The archbishops described NHS and social care staff as “a blessing and lifeline for our nation”. “We are grateful for the service given in local communities by clergy, other frontline workers and so many good neighbours,” they wrote. “We are grateful for the hope of the vaccine. It is a testimony to the God-given wisdom and gifts of scientists and researchers. We urge everyone to take the vaccine as soon as it is offered to you.”
       The archbishops emphasised their “Christian hope”, concluding: “Death doesn’t have the last word. In God’s Kingdom every tear will be wiped away.”
       Resources to help the call to prayer for the nation will be made available at:

A Prayer

Lord, the whole world is reeling from Covid-19’s enormous death-toll and many have lost jobs, businesses, homes and their way of life, as a result of illness and economic crisis. Please raise up Your Church to pray, share the gospel and demonstrate compassion to those in need


On each line, find a word which will both (a) complete the left hand side, and (b) begin the right hand side. (Example:  Linda —– Fargo  =  Wells)  References are to the Bible and Songs of Fellowship.

Put these words in the coloured boxes.

Then read down the blue column to find someone celebrated in February.

A Joke you might hear at an Alpha Course!

Forrest Gump died and went to heaven. When he got to the pearly gates of heaven St. Peter told him that new rules were in effect due to the advances of education on earth. To get into heaven he had to answer 3 questions:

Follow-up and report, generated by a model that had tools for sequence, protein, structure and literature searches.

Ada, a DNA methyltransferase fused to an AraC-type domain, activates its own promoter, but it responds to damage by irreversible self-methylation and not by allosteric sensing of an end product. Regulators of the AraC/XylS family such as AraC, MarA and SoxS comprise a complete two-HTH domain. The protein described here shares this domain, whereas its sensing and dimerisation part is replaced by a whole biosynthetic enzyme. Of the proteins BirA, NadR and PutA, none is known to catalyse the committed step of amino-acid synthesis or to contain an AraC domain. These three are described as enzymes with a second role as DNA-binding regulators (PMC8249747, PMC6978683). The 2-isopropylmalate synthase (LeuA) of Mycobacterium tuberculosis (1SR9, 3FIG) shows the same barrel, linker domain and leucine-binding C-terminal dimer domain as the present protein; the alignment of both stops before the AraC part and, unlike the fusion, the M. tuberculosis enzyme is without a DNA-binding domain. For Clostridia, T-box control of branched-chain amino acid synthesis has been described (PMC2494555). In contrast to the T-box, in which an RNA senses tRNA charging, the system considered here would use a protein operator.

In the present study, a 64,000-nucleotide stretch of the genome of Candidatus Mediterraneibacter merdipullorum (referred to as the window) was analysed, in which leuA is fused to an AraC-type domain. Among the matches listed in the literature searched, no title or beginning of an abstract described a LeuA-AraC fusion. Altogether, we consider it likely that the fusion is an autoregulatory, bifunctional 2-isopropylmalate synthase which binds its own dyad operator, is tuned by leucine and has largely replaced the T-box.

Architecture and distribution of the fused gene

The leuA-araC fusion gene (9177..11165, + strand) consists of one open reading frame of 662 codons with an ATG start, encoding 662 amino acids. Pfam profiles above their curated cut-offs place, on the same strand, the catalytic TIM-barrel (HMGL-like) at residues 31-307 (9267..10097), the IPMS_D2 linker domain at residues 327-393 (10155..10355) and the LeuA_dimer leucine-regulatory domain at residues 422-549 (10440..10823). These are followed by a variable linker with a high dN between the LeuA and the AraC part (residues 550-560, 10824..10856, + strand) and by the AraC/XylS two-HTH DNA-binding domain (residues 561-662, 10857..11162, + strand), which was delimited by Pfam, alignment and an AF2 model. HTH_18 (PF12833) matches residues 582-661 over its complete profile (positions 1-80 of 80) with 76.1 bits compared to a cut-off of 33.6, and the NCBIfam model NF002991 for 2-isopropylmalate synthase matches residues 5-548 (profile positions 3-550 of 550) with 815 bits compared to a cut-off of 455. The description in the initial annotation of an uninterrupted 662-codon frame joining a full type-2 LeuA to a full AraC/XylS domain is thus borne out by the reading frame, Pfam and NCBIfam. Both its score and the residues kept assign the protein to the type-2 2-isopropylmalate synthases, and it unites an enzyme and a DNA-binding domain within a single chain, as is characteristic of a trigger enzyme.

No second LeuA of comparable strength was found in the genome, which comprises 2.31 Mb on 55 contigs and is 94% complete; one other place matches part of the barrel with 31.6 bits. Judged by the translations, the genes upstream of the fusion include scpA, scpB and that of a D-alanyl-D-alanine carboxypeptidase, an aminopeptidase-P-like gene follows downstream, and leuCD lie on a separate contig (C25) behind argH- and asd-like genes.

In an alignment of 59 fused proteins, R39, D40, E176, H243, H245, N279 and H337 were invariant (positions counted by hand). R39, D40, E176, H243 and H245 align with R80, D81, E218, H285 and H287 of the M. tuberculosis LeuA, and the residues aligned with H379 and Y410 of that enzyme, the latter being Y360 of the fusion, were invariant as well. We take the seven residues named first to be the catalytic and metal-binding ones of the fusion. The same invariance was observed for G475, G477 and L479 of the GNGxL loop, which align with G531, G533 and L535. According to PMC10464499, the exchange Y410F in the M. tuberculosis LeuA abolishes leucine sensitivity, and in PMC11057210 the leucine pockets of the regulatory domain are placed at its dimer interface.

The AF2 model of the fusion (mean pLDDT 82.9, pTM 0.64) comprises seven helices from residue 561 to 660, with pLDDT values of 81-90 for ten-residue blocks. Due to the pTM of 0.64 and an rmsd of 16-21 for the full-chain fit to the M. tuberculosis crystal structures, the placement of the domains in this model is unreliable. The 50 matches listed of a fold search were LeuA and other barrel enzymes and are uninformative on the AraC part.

1)         name two days of the week that begin with “T”.
2)         How many seconds are in a year?
3)         What is God’s first name?
Forrest thought for a moment then answered. The two days of the week that start with “T” are Today and Tomorrow. There are 12 seconds in a year, and God has two names, Andy and Howard.”
St. Peter said, “Ok I’ll buy the today and tomorrow even though that’s what I expected. But how are there 12 seconds in a year?
“Forest answered, “January 2nd, February 2nd……”
St. Peter replied, “Ok, I give, but what about Gods first name?
“Forrest answered St. Peter by saying, “Well, from the song….Andy walks with me, Andy talks with me, Andy tells me I am his own. Plus the prayer says Our Father, who art in Heaven, Howard be thy name….” Saint Peter let him in without another word.

Another Happy Memory from Lesley

In 2003, around Easter, we were in Wakefield to celebrate Amy’s third birthday.  We were in Morrison’s, Amy in a trolley, to save us from having to keep looking for her.